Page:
Othmer Gold Medal

The Othmer Gold Medal is the Science History Institute’s preeminent award. Winners are chosen for their extraordinary contributions to the material sciences and are honored each spring.

Founded in 1997, the medal is named after Donald Othmer (1904–1995), a noted researcher, consultant, editor, engineer, inventor, philanthropist, professor, and coeditor of the Kirk-Othmer Encyclopedia of Chemical Technology. The roster of past winners includes some of the most versatile and multitalented individuals in the scientific community.

The Othmer Gold Medal is cosponsored by the American Chemical Society, the American Institute of Chemical Engineers, the Chemists’ Club, and the American Section of the Société de Chimie Industrielle.

2023 Medalist: Geraldine Richmond

Geraldine Richmond
Geraldine Richmond.

Geraldine Richmond currently serves as the Under Secretary for Science and Innovation at the U.S. Department of Energy (DOE). In this role she oversees DOE’s Office of Science, the nation’s largest federal sponsor of basic research in the physical sciences. She also manages DOE’s applied R&D areas of nuclear, fossil, and renewable energy; energy system integrity; and the DOE national laboratories and their facilities.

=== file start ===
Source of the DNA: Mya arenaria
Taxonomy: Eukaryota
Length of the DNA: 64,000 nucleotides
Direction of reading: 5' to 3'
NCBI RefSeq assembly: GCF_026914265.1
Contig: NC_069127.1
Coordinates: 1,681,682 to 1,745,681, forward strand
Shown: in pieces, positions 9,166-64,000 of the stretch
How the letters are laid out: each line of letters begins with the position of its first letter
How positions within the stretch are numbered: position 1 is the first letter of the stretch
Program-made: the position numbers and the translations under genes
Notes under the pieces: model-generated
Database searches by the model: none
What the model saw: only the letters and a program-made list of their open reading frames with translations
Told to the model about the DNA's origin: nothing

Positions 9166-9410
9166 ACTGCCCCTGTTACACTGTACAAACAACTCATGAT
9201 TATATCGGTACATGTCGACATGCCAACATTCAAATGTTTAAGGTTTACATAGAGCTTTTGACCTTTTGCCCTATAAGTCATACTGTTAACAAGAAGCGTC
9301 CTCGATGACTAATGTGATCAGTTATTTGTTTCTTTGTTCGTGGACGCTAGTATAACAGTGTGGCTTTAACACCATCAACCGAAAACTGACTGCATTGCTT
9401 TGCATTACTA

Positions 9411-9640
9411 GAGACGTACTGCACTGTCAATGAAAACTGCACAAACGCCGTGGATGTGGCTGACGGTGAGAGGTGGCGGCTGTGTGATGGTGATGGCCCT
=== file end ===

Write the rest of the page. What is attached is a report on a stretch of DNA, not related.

She is currently on leave from the University of Oregon where she holds the Presidential Chair in Science and is a professor of chemistry. Richmond’s research throughout her career has been on the use of laser-based and computational methods to understand the molecular, adsorption structure, and dynamics at liquid surfaces that have relevance to environmental and technological interests.

In addition to being a member of the U.S. National Academy of Sciences and the American Academy of Arts and Sciences, Richmond has also received numerous awards including the National Medal of Science (2016), the Priestley Medal from the American Chemical Society (2018), and the Linus Pauling Medal Award (2018). Her service to the nation includes two terms as a presidential appointee to the National Science Board (2012–2021) and as the U.S. State Department Science Envoy for the Lower Mekong River Countries (2015–2016).

Richmond serves on many other national and international advisory boards and is the past president of the American Association for the Advancement of Science and Sigma Xi, the Scientific Research Honor Society. As a career-long advocate for underrepresented groups in STEM fields, she is the founding director of COACh, a grassroots organization that has helped over 25,000 women scientists and engineers with career advancement in the U.S. and in dozens of developing countries around the world.

A native of Kansas, Richmond received her BS in chemistry from Kansas State University and her PhD in physical chemistry from the University of California, Berkeley.

Previous Winners of the Othmer Gold Medal


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